Some key facts on RESP

The Guardian (Charlottetown) - - BUSINESS - This col­umn, writ­ten and pub­lished by In­vestors Group Fi­nan­cial Ser­vices Inc., and In­vestors Group Se­cu­ri­ties Inc. presents gen­eral in­for­ma­tion only and is not a so­lic­i­ta­tion to buy or sell any in­vest­ments. Con­tact your own ad­viser for spe­cific ad­vice ab

A Reg­is­tered Ed­u­ca­tion Sav­ings Plan (RESP) is a great way to save for a child’s post-sec­ondary ed­u­ca­tion. Here are some ba­sic facts so you’ll be sure to get the most from an RESP.

In­vest­ments that are RESP-el­i­gi­ble al­low sav­ings to grow taxfree un­til your child en­rolls in a qual­i­fy­ing post-sec­ondary ed­u­ca­tion pro­gram. There are three types of RESPs: - A Fam­ily Plan al­lows you to name mul­ti­ple ben­e­fi­cia­ries, each of whom must be re­lated to you. This in­cludes sib­lings, half­si­b­lings and step-sib­lings.

- An In­di­vid­ual Plan al­lows you to name one ben­e­fi­ciary, who does not have to be re­lated to you.

- A Group Plan pools the earn­ings on your sav­ings with those of other peo­ple, and the amount your child re­ceives to pur­sue post-sec­ondary ed­u­ca­tion is based on how much money is in the pool and on the to­tal num­ber of stu­dents in that pooled age group.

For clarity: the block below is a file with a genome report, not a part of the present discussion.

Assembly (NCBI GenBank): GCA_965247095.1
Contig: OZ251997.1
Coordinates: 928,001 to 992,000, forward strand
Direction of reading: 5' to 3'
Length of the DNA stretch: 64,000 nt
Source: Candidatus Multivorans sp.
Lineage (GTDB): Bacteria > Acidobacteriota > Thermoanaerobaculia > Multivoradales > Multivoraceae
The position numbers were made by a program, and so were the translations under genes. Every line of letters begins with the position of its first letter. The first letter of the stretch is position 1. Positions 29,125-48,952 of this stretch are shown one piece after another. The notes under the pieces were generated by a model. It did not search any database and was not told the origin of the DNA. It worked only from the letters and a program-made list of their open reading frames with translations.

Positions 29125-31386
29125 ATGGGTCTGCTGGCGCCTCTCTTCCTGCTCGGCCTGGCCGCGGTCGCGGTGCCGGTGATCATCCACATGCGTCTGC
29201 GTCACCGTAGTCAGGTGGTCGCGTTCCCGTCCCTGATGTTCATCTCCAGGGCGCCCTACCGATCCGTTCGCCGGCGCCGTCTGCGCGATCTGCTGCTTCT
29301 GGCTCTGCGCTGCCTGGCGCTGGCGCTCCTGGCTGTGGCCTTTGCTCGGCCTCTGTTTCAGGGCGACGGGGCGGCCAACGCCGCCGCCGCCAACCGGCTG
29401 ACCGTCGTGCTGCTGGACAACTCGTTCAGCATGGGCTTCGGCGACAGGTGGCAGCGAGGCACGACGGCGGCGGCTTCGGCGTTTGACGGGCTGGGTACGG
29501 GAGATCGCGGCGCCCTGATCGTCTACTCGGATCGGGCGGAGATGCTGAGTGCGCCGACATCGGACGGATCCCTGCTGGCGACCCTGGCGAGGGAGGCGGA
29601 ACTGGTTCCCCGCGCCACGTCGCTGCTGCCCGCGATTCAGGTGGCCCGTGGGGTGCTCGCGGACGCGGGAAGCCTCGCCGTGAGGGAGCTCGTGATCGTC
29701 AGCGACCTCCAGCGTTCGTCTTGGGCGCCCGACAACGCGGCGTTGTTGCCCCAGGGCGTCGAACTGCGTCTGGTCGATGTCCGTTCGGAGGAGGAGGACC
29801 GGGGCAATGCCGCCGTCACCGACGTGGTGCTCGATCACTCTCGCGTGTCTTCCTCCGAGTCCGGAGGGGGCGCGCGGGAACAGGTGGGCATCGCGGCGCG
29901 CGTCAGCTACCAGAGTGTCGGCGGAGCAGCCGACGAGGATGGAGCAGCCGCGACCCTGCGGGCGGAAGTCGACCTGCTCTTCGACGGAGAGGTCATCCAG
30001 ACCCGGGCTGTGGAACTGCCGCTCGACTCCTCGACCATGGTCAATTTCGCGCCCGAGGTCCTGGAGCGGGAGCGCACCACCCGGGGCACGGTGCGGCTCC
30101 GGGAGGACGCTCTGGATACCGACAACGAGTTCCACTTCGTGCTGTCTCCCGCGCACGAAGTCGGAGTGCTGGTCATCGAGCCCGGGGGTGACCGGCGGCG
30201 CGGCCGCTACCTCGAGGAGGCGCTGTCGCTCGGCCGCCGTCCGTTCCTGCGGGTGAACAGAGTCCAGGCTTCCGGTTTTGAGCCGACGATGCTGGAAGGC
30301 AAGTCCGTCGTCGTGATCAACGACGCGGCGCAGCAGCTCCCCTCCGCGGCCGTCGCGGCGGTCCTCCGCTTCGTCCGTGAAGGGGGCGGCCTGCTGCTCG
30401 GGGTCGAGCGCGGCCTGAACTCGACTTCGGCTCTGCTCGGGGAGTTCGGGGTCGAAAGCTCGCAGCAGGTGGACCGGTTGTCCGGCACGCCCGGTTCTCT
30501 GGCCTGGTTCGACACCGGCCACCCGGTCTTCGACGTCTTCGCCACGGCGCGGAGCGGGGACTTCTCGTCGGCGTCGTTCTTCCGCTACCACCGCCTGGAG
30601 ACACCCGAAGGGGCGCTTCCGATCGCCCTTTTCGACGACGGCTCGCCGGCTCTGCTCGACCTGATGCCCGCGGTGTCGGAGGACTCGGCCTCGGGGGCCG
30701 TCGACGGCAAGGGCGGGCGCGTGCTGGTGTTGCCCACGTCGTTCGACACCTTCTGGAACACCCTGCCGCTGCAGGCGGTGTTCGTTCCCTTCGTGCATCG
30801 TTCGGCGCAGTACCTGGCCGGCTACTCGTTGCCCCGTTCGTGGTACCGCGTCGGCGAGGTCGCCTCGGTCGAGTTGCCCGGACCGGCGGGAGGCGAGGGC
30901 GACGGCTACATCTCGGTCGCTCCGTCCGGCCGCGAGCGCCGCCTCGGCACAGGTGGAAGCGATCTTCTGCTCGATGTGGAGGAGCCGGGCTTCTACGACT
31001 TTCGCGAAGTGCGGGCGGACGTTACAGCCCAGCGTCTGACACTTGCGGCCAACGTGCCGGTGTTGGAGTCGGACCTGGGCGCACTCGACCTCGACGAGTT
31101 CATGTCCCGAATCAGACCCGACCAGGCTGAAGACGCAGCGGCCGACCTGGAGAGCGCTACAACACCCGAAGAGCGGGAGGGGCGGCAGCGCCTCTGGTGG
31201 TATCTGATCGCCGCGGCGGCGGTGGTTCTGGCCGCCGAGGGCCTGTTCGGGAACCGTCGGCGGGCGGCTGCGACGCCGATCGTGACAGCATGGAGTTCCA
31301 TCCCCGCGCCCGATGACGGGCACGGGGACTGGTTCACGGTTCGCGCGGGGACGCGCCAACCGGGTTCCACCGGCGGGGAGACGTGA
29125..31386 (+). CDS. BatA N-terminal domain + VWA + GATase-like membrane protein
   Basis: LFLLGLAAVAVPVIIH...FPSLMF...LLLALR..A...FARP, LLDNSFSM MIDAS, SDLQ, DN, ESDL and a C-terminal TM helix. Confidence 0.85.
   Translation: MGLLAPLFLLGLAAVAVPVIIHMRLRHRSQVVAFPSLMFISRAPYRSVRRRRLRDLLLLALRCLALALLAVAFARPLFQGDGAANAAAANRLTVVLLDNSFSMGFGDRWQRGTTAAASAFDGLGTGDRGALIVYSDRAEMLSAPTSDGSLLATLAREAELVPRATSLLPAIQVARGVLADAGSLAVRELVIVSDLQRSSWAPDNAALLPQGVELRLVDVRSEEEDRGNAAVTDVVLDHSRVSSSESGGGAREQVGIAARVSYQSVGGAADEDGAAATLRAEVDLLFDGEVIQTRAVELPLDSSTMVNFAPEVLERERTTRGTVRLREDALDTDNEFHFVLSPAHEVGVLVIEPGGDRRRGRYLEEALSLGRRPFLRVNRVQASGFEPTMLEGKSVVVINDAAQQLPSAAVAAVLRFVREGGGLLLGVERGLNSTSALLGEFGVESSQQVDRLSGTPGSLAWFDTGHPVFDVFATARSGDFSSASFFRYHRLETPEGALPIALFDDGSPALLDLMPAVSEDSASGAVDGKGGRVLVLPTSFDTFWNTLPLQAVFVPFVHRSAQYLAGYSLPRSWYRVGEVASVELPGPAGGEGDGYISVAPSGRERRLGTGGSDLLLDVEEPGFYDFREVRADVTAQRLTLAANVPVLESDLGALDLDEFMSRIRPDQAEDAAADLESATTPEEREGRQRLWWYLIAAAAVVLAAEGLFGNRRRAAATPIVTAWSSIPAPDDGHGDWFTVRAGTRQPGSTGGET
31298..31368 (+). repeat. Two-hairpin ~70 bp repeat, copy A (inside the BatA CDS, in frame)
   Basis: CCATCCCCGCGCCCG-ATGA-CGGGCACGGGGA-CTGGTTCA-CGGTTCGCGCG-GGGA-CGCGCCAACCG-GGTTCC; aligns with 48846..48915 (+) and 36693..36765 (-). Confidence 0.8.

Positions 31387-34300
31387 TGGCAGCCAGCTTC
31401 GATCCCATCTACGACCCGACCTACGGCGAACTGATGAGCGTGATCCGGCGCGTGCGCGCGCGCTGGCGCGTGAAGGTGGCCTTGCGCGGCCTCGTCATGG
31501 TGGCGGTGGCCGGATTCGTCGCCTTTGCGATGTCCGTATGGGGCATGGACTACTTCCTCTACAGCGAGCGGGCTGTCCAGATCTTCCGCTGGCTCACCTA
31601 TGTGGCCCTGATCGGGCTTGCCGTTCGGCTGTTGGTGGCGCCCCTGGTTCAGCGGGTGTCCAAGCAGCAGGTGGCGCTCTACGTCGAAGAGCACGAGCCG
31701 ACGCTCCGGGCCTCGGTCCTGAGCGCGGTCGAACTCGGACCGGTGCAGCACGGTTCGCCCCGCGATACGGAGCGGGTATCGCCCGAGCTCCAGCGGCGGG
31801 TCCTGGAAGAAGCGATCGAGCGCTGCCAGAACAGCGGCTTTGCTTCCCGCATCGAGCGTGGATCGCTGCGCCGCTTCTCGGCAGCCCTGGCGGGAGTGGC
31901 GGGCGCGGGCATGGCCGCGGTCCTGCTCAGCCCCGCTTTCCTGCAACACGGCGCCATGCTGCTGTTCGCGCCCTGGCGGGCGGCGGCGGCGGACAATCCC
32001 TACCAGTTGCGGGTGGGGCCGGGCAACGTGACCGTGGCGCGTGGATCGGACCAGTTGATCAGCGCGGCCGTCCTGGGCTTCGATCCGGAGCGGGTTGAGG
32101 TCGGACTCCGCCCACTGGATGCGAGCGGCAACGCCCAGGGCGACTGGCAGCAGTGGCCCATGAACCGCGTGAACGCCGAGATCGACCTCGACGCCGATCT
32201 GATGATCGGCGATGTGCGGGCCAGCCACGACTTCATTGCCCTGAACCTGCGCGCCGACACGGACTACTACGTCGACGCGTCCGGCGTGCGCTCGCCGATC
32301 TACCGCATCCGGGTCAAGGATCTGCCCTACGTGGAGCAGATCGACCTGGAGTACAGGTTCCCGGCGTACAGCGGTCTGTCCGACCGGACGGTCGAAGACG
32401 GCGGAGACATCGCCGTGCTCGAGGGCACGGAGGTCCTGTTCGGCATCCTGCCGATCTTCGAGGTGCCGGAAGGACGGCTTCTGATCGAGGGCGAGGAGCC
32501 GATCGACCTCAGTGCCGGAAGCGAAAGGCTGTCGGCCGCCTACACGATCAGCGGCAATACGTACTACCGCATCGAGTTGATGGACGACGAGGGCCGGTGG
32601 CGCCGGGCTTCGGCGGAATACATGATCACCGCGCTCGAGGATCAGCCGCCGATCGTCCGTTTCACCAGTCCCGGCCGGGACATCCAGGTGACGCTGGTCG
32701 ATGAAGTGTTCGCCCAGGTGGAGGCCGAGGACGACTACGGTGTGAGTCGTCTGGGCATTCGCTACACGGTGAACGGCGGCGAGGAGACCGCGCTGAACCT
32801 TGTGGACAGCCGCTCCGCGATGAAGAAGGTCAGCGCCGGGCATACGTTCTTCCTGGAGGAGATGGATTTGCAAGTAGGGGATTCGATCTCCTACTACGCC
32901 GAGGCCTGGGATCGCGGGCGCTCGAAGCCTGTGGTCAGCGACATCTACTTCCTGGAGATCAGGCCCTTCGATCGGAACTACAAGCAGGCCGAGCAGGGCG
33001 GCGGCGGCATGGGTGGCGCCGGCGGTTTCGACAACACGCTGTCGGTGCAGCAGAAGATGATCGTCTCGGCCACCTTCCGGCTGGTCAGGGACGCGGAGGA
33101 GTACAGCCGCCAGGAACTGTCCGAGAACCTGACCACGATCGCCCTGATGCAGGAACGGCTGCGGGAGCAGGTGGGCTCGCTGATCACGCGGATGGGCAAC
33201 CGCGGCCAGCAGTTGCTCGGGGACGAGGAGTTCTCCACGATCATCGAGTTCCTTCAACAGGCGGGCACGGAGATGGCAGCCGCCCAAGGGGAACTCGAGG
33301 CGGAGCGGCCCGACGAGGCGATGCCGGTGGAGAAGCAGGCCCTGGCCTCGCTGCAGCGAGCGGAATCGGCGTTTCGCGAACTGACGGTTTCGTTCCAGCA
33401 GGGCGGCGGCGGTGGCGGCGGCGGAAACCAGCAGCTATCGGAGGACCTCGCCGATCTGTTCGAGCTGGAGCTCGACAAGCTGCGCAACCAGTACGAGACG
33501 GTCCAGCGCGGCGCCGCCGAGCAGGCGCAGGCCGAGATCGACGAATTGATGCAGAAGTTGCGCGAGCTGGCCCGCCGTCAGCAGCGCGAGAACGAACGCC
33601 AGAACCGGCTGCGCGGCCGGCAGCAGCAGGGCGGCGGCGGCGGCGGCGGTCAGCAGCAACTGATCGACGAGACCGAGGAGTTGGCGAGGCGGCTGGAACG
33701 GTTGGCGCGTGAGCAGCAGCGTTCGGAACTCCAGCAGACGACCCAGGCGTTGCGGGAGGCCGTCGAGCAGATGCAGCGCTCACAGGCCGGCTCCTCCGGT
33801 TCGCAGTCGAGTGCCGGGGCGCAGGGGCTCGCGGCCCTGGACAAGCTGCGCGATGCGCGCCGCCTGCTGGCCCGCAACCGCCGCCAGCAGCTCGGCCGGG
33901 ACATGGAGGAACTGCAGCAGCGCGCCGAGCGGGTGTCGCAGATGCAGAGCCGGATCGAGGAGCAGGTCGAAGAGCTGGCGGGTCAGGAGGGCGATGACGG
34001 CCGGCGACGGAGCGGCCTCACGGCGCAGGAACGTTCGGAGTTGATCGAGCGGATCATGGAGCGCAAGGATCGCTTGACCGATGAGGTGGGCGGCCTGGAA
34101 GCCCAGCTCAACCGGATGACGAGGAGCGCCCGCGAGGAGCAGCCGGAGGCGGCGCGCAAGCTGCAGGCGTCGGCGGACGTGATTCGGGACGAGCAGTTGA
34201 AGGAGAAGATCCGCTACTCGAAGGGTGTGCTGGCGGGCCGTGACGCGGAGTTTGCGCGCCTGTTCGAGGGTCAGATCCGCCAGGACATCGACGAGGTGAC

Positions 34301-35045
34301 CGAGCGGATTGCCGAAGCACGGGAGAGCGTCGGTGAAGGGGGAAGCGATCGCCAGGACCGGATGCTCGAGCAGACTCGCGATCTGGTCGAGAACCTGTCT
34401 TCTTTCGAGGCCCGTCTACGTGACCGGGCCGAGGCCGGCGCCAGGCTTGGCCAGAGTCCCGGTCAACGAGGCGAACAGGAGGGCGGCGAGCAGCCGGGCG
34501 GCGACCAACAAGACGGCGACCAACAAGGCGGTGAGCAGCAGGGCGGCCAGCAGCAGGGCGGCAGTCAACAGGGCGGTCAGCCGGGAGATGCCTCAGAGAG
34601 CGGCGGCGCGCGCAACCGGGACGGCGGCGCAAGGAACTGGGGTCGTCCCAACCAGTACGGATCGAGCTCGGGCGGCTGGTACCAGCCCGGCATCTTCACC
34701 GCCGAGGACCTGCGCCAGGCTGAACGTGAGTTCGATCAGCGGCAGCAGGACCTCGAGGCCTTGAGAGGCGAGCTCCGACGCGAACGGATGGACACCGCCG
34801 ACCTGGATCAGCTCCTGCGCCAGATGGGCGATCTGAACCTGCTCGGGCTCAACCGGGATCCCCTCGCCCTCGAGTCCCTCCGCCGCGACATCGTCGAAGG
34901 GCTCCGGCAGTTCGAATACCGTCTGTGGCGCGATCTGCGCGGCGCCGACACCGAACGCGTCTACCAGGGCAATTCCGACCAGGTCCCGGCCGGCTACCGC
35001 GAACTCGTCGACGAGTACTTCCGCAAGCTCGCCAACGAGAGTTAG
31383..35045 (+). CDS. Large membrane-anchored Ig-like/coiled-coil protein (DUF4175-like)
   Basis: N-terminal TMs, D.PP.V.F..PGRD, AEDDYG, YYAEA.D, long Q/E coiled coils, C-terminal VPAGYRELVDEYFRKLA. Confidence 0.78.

The Cana­dian Ed­u­ca­tion Sav­ings Grant (CESG) is a fed­eral pro­gram that pro­vides a match­ing grant for each RESP con­tri­bu­tion made for an el­i­gi­ble child. It is gen­er­ally worth 20 per cent of the first $2,500 of an­nual con­tri­bu­tions ($500/year), but depend­ing on fam­ily in­come and prior con­tri­bu­tion history, could be worth up to $1,100/year.

The Canada Learn­ing Bond (CLB) is a fed­eral pro­gram that pro­vides $500 bond to an RESP for a child whose fam­ily re­ceives the Na­tional Child Ben­e­fit Sup­ple­ment, and $100/year for up to 15 sub­se­quent years.

You can au­tho­rize Ed­u­ca­tional As­sis­tance Pay­ments (EAPs) from the RESP to the stu­dent ben­e­fi­ciary as soon as the stu­dent en­rolls in an el­i­gi­ble full- or part-time post-sec­ondary ed­u­ca­tion pro­gram. EAPs con­sist of gov­ern­ment bonds and grants and plan ac­cu­mu­lated earn­ings; they do not in­clude con­tri­bu­tions. EAPs are taxed to the stu­dent ben­e­fi­ciary and must be used to fur­ther the stu­dent’s post-sec­ondary ed­u­ca­tion.

You can with­draw your RESP con­tri­bu­tions tax-free at any time for any pur­pose, but if you with­draw con­tri­bu­tions at a time when your stu­dent is in­el­i­gi­ble for an EAP, you will be re­quired to re­pay CESG and per­haps other pro­vin­cial/ter­ri­to­rial grants1.

Fam­ily and In­di­vid­ual plans gen­er­ally al­low sib­lings un­der 21 to share the con­tri­bu­tions, CESG, and ac­cu­mu­lated earn­ings with­out penalty. These shar­ing rules are quite com­plex so con­tact your plan provider for the de­tails.

The Canada Ed­u­ca­tion Sav­ings Grant and Canada Learn­ing Bond (CLB) are pro­vided by the Gov­ern­ment of Canada. CLB el­i­gi­bil­ity de­pends on fam­ily in­come lev­els. Some prov­inces make ed­u­ca­tion sav­ings grants avail­able to their res­i­dents.

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